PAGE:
However, if you do not have the Exchange Server entry, then you need to add it by clicking on the Add button. NOTE: Your Exchange Server systems administrator must have created an account for you on the Server prior to adding the entry to your email settings.

Once you’ve clicked on the add button, a list of possible services will be displayed. The first in the list is what you would want to choose if you were going to use Outlook with a standard SMTP & POP email account. Outlook would function like Eudora and Netscape mail in this scenario. However, in our case, we are going to use Microsoft Exchange Server as our primary email service. Select the appropriate service and click on the OK button. NOTE: If you were going to add the Internet E-mail service, you would first need to add the Personal Folders service so that when Outlook retrieved email from your SMTP/POP account it would have a place to store your messages locally (in your personal folders). When using Exchange Server, your personal folders reside on the Exchange Server system. Therefore there is no need to create these folders or this service on your local PC.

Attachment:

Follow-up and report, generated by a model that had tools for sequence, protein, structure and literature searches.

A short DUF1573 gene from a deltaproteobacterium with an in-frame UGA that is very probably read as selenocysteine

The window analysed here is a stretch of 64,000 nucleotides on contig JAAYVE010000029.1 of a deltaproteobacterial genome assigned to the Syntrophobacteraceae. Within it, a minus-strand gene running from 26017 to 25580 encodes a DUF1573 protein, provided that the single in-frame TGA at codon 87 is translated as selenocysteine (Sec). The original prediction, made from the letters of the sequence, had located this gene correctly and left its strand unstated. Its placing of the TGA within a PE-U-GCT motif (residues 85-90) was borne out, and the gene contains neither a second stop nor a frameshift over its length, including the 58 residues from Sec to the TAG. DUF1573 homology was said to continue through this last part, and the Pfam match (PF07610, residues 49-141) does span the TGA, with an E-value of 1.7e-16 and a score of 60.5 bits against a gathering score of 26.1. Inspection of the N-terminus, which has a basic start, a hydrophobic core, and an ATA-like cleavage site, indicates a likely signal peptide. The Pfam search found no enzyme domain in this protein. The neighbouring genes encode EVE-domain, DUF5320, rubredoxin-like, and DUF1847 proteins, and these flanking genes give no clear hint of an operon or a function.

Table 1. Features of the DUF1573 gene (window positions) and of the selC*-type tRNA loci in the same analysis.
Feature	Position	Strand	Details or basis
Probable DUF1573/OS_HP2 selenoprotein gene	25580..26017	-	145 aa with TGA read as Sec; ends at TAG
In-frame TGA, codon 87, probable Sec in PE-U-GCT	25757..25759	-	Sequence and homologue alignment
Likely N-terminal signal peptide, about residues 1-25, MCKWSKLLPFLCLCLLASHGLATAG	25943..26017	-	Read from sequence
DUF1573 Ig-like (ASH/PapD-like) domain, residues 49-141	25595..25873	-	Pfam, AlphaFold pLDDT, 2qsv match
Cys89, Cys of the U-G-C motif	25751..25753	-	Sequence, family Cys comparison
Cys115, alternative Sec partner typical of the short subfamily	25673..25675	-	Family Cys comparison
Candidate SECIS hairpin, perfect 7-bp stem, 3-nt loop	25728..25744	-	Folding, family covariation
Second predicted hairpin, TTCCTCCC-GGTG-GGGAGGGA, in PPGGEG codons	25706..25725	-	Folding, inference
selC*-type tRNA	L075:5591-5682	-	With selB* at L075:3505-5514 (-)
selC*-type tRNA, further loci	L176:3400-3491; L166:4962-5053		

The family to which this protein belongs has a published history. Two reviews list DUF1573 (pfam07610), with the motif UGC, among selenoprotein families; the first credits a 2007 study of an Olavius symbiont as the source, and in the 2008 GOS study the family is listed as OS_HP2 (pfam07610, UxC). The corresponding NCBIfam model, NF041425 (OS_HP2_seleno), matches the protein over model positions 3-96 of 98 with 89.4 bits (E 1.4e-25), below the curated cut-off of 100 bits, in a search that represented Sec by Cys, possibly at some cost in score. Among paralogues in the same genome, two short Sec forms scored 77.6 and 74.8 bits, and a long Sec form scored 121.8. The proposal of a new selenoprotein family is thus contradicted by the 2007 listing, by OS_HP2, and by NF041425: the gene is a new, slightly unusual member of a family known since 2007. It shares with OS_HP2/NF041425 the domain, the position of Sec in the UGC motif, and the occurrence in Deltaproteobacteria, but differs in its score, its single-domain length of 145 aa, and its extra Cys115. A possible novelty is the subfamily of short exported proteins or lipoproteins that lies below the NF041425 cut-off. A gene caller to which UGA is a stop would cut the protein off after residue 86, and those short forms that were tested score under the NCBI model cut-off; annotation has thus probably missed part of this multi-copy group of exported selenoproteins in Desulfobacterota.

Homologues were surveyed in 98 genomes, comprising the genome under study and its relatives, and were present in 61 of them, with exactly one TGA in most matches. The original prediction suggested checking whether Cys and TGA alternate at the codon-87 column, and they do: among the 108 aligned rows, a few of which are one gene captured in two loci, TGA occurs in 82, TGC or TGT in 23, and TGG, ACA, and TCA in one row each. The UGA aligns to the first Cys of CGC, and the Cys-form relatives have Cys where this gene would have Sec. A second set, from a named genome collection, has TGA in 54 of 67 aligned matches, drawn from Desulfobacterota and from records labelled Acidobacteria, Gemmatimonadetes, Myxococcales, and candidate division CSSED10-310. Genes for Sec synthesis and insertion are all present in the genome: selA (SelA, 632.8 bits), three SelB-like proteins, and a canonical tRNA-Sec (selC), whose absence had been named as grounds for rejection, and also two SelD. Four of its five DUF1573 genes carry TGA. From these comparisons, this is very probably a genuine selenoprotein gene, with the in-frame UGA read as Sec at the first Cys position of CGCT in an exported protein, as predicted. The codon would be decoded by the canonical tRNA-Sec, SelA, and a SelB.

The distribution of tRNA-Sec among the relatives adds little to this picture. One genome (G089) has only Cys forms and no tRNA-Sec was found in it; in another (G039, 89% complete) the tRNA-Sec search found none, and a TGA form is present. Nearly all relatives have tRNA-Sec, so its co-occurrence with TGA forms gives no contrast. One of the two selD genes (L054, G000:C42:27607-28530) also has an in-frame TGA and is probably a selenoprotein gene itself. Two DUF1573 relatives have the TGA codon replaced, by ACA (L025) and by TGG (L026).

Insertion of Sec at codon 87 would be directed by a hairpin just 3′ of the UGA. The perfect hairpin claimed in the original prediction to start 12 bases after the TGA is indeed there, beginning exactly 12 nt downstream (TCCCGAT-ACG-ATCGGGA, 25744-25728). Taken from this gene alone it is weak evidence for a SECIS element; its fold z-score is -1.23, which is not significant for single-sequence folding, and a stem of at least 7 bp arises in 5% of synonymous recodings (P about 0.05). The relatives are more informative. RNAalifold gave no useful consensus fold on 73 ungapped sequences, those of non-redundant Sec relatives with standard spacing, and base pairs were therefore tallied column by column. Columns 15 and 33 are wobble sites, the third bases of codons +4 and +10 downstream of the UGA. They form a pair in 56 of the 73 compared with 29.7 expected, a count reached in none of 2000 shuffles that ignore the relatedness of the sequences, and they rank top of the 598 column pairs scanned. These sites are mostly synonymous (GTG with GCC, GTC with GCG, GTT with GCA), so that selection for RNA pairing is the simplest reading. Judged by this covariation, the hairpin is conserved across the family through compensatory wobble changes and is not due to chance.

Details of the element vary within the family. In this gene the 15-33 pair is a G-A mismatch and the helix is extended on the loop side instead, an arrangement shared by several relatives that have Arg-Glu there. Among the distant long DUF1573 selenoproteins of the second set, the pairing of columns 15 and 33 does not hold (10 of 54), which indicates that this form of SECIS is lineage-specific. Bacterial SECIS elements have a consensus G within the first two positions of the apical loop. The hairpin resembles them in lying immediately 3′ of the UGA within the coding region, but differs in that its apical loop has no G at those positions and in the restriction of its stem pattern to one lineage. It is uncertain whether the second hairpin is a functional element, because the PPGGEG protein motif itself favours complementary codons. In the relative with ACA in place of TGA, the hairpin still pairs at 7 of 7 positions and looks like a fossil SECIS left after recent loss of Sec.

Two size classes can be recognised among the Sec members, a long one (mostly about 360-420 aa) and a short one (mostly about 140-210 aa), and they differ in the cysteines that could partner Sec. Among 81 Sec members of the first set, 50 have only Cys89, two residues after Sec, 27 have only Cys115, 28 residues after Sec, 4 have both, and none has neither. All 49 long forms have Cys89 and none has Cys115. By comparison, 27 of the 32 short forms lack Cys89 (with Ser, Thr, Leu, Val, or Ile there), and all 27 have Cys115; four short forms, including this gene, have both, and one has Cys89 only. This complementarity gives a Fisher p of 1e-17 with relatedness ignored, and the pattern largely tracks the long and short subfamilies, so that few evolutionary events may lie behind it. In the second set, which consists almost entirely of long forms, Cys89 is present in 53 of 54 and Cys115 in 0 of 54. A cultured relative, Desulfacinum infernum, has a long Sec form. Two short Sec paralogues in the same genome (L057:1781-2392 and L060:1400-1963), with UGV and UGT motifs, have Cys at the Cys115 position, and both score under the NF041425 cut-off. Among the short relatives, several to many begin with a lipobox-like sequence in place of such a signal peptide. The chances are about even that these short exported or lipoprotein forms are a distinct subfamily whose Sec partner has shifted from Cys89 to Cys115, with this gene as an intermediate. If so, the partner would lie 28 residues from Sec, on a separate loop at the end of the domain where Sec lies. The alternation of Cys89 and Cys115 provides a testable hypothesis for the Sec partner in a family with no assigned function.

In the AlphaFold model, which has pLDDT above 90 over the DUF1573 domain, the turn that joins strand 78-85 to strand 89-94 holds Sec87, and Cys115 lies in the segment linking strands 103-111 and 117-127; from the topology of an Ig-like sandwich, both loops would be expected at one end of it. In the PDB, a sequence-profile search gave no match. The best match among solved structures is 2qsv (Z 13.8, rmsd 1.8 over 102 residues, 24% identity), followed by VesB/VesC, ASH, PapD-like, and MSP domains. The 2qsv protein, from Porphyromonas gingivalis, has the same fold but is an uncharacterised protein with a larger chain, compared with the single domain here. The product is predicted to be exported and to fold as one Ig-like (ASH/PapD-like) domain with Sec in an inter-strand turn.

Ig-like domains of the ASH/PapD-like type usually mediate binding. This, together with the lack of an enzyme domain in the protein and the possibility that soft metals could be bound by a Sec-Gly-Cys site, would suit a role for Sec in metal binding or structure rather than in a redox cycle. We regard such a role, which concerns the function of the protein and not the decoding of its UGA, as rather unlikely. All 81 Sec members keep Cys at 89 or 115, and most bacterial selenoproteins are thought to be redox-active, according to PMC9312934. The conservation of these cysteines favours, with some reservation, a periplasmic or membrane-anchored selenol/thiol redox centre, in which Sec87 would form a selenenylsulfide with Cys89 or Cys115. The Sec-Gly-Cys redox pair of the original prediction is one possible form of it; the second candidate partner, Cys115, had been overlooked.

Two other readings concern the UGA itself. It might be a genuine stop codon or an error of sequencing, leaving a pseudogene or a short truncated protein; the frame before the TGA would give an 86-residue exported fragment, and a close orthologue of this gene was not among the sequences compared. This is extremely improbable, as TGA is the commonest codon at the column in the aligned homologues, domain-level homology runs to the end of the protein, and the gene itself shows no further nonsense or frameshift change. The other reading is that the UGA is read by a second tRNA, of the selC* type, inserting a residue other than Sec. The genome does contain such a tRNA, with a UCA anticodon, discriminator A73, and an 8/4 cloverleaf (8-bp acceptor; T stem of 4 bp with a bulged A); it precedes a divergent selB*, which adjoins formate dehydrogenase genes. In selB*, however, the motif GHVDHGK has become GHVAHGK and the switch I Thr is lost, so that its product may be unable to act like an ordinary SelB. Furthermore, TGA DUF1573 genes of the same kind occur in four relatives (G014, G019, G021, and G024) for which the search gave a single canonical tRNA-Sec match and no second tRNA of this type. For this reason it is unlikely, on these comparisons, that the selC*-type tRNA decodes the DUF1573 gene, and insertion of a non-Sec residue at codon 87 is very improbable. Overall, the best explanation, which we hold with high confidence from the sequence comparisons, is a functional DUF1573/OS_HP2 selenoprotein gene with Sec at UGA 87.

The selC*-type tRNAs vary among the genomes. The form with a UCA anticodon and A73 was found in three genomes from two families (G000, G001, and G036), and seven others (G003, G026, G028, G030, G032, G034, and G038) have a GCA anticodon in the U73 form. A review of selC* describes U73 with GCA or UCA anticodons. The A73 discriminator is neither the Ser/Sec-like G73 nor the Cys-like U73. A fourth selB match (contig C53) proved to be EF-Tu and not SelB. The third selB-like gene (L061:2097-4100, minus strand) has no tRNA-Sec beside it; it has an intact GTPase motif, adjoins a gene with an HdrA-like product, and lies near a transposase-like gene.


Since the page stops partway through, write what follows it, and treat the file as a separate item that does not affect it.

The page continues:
Now that you’ve chose to add the Microsoft Exchange Server service, you need to configure the service to use your mailbox on the appropriate server. If you don’t know what Exchange Server your mailbox is on, contact your Exchange Server administrator to find out. Enter in the Exchange Server name in the first field, and enter your last name in the mailbox field. This should activate the Check Name button. Click on this button to check that there is a mailbox for you.

If there is only one mailbox with your last name, and you are the appropriate person, the mailbox field will fill in the rest of the box with your first name and underline it. If there are multiple mailboxes with the same last name, then you will be provided with a list of mailboxes to choose from. NOTE: Exchange Server validates who you are with Windows NT security. If you failed to logon to your PC by clicking on the Cancel button when prompted to login, then you will fail to find your mailbox.